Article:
The Sculpture Show
- David Pollock
- 1 February 2012
This article is from 2012.
Well-managed and educational group sculpture show also contains big impressions
Those who find their attention can escape the orbit of this show’s central spectacle – Ron Mueck’s striking ‘A Girl’, a life-like model of a quite grumpy-looking newborn baby girl rendered as a vast monolith many dozens of times the size of nature – will discover more challenging and memorable works that offer a potted glimpse of the history of 20th century sculpture and beyond. Although the curatorial division of eras and themes is well managed and educational, however, this is still a show where the big impression matters.
So there are forays into Cubist and Impressionist sculpture – the latter featuring an early bronze model of Rodin’s fearsome ‘A Call to Arms’ – and concisely themed views of both German interwar sculpture’s miserable images of poverty and postwar Britain’s garish reflection of the nuclear age, the latter exemplified by Eduardo Paolozzi’s gnarled bronzes. Later-era works become more brash: Damien Hirst’s unsettling bronze figure ‘Wretched War’; John Davies’ fearsomely life-like mob of mannequins ‘For the Last Time’; Duane Hanson’s ever-jovial ‘The Tourists’.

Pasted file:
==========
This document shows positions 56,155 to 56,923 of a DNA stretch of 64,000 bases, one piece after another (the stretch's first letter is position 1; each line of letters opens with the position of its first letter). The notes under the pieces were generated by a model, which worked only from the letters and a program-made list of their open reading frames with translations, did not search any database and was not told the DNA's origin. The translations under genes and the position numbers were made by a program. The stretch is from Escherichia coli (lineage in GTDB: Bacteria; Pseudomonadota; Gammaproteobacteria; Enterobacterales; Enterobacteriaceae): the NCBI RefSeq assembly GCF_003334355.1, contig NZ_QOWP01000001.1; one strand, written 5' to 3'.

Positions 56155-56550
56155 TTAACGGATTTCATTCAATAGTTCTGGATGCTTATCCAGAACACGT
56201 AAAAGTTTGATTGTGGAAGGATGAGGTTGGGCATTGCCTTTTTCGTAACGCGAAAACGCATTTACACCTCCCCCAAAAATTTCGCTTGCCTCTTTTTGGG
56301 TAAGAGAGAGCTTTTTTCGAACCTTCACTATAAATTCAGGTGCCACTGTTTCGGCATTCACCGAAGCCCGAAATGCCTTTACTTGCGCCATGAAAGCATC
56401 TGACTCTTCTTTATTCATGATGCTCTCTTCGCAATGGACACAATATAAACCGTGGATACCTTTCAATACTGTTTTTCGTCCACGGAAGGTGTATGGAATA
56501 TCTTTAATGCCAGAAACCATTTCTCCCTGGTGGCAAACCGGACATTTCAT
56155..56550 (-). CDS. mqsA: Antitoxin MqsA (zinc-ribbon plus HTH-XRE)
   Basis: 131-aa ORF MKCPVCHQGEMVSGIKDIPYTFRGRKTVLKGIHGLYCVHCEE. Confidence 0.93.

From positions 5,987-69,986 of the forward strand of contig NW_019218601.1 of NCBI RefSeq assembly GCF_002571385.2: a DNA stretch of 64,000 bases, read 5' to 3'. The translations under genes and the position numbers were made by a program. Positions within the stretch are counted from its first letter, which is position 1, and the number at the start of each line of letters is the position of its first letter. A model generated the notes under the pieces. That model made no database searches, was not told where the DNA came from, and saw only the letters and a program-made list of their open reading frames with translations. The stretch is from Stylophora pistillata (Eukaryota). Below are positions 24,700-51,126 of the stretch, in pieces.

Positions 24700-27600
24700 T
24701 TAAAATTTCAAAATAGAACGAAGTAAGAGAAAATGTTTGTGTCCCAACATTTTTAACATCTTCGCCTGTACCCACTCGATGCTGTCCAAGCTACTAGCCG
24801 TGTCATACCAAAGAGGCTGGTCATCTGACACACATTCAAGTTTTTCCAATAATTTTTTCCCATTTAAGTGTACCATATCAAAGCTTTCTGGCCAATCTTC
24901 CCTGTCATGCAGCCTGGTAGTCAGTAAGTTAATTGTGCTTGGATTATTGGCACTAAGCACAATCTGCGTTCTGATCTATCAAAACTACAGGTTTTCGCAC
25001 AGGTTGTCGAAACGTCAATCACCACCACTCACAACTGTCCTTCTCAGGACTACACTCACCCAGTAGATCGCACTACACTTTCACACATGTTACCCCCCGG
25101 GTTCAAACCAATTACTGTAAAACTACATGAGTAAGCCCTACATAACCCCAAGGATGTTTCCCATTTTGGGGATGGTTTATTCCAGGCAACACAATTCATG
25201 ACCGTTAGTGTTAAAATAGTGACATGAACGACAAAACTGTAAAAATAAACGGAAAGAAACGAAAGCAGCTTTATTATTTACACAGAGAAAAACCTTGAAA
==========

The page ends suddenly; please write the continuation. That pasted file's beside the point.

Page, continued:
It’s a wide-ranging show that doesn’t offer a distinct thematic take on the medium of sculpture – how could it? – but rather provides as much perspective on the bounds of the medium as possible. Collage and assemblage are explored as alternative forms, as well as Michelangelo Pistoletto’s industrialist prints on polished steel, Rachel Whiteread’s photographic series ‘Demolished’ and Turner Prize-winner Martin Boyce’s light sculpture ‘Untitled (after Rietveld)’, a low-key tribute to the design and ambience of a late 20th century office environment. Scots artists are well represented, including Douglas Gordon, Jim Lambie, David Shrigley (presenting a piece of paper lying on the floor) and Karla Black, and detailed explanations suffice when the work is incapable of reproduction, for example Charles Ray’s photographs of his body and a plank of wood as ‘sculpture’.
Scottish National Gallery of Modern Art One, Edinburgh, until Sun 24 Jun